Too bad since I couldn't wait to introduce Izzy to some cows. Not only that but I was also intrigued by the matzoh-making class they were holding that day and I couldn't wait to get my hands on a hunk of their Cave-aged Cheddar and Rosemary Epi bread. Alas, it wasn't meant to be for Izzy and me, but my friends went along without us.
Of course I was eager to hear how their day went and knew I could count on my friend L. to describe it all in minute detail. As she tells it, the matzoh-making went fairly well. They watched the farmers grind spelt and her daughters were able to roll out several matzos. It was so enjoyable that her daughters plan to return next year (maybe even with us).
As she recounted her tale, I could hear in her voice that not all was rosy. Then she told they saw dead cows rotting in a nearby pasture. They both found this to be quite disturbing. Her husband was disgusted and they didn't know quite what to make of it. Her husband forbade her from buying any of their beef (which is a complete shame since it is quite delectable) although they did bring home a fair bit of cheese and bread.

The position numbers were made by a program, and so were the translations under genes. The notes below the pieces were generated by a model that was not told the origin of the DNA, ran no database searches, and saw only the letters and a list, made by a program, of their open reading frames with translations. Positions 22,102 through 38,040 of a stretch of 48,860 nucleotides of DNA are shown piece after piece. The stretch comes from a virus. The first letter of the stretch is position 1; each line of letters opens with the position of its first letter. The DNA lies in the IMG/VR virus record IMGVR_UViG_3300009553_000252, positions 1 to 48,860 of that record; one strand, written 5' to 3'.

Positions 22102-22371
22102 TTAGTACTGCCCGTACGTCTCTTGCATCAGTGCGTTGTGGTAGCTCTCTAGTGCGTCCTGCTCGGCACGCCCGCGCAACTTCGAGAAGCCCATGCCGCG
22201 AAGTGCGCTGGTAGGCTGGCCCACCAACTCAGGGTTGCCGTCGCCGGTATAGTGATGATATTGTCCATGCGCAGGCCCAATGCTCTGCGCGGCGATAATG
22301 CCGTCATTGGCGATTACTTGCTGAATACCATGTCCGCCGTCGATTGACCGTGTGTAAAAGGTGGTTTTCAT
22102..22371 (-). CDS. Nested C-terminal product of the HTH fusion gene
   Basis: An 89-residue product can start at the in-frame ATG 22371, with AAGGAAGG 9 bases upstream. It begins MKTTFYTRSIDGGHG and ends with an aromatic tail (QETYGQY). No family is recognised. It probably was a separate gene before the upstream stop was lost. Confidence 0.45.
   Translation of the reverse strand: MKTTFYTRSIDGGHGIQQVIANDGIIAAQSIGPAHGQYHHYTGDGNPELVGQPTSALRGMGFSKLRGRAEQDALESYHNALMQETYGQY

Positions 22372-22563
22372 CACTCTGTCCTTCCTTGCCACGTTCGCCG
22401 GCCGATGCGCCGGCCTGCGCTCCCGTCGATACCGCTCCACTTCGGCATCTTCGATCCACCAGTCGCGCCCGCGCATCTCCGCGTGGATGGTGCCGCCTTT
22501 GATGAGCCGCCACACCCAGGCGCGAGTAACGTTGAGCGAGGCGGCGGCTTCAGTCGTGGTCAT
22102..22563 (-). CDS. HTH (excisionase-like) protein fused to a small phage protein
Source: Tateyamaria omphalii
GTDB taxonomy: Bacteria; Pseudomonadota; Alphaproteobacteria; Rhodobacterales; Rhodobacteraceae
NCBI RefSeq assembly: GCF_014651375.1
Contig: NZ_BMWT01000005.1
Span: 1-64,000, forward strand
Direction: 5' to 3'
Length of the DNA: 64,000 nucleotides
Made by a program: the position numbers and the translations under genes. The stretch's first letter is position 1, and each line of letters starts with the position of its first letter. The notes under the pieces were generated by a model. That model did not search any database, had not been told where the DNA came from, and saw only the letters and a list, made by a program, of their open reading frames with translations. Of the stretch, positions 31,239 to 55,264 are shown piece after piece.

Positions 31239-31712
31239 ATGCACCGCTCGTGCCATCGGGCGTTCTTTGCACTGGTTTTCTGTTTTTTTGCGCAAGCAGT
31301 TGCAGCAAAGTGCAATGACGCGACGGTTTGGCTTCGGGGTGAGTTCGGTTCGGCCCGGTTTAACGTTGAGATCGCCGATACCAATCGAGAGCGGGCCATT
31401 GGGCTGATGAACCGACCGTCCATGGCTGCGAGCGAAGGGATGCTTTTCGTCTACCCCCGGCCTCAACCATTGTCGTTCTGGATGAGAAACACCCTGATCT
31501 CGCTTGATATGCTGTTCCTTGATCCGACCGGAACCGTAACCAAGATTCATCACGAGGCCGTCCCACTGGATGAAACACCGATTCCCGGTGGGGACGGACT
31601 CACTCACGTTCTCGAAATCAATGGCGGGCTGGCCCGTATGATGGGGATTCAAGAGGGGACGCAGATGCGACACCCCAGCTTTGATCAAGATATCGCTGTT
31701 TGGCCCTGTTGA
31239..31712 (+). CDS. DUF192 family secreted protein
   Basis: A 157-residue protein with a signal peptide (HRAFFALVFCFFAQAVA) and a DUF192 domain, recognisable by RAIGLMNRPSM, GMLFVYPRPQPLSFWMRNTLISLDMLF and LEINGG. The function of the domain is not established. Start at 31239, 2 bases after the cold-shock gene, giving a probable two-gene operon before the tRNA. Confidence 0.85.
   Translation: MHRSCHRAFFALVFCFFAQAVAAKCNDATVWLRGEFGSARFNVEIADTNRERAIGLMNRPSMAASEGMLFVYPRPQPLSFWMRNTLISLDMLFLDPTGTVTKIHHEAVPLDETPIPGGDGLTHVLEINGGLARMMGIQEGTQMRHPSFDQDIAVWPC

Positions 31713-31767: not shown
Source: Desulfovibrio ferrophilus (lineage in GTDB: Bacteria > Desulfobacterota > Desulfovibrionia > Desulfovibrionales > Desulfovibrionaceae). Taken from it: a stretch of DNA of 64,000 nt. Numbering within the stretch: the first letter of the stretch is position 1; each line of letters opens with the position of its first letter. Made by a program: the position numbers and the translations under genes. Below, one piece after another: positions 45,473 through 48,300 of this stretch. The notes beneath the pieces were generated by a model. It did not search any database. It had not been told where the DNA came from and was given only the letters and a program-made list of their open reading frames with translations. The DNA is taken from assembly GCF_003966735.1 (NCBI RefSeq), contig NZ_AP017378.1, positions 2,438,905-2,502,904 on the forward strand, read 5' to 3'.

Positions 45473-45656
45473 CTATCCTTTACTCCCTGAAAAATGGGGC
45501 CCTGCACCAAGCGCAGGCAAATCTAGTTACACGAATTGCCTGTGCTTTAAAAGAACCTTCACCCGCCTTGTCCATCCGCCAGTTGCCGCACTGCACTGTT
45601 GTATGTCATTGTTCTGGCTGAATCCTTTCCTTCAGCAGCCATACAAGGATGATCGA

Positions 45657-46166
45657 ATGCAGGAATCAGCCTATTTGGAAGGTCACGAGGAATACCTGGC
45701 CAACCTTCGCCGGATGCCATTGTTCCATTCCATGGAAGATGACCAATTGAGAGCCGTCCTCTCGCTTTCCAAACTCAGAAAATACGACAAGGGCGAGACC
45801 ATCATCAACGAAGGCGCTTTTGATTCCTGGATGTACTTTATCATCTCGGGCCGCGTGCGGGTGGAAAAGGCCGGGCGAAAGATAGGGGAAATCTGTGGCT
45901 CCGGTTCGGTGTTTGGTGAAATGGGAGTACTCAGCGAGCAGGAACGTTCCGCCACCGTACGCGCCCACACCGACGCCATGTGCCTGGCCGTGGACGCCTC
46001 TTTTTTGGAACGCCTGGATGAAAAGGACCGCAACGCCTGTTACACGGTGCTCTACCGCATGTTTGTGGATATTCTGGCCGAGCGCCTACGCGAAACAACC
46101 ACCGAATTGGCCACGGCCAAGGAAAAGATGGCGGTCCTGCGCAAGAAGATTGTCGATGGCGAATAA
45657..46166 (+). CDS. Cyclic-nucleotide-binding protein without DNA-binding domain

My immediate reaction was to assume that there was a reasonable explanation for the rotting cows, somehow relating to organic farming practices. Since I wasn't there to bear witness, I emailed the farm to find out about the cows.
I received a detailed reply from the farmer, some of which I will excerpt here:
Anyhow, the way we dispose of the remains is an old but sensible method:
we put them in the pig pasture and let nature run its course. Pigs are
forest floor scavengers, true omnivores.
Between the pigs and the insect larvae, the cows are
recycled to just bones in a few months.
It all sounded perfectly sensible to me and besides, I doubt that the sight of a few dead cows in a pasture, even remotely comes close to the horror one would find inside an industrial farming facility. Yet my friends are not convinced, continuing to the think that the meat from the supermarket is better. How can we help them see the light?
p.s. Imagine their horror when I told them that the brisket I had served them on Passover came from that very farm..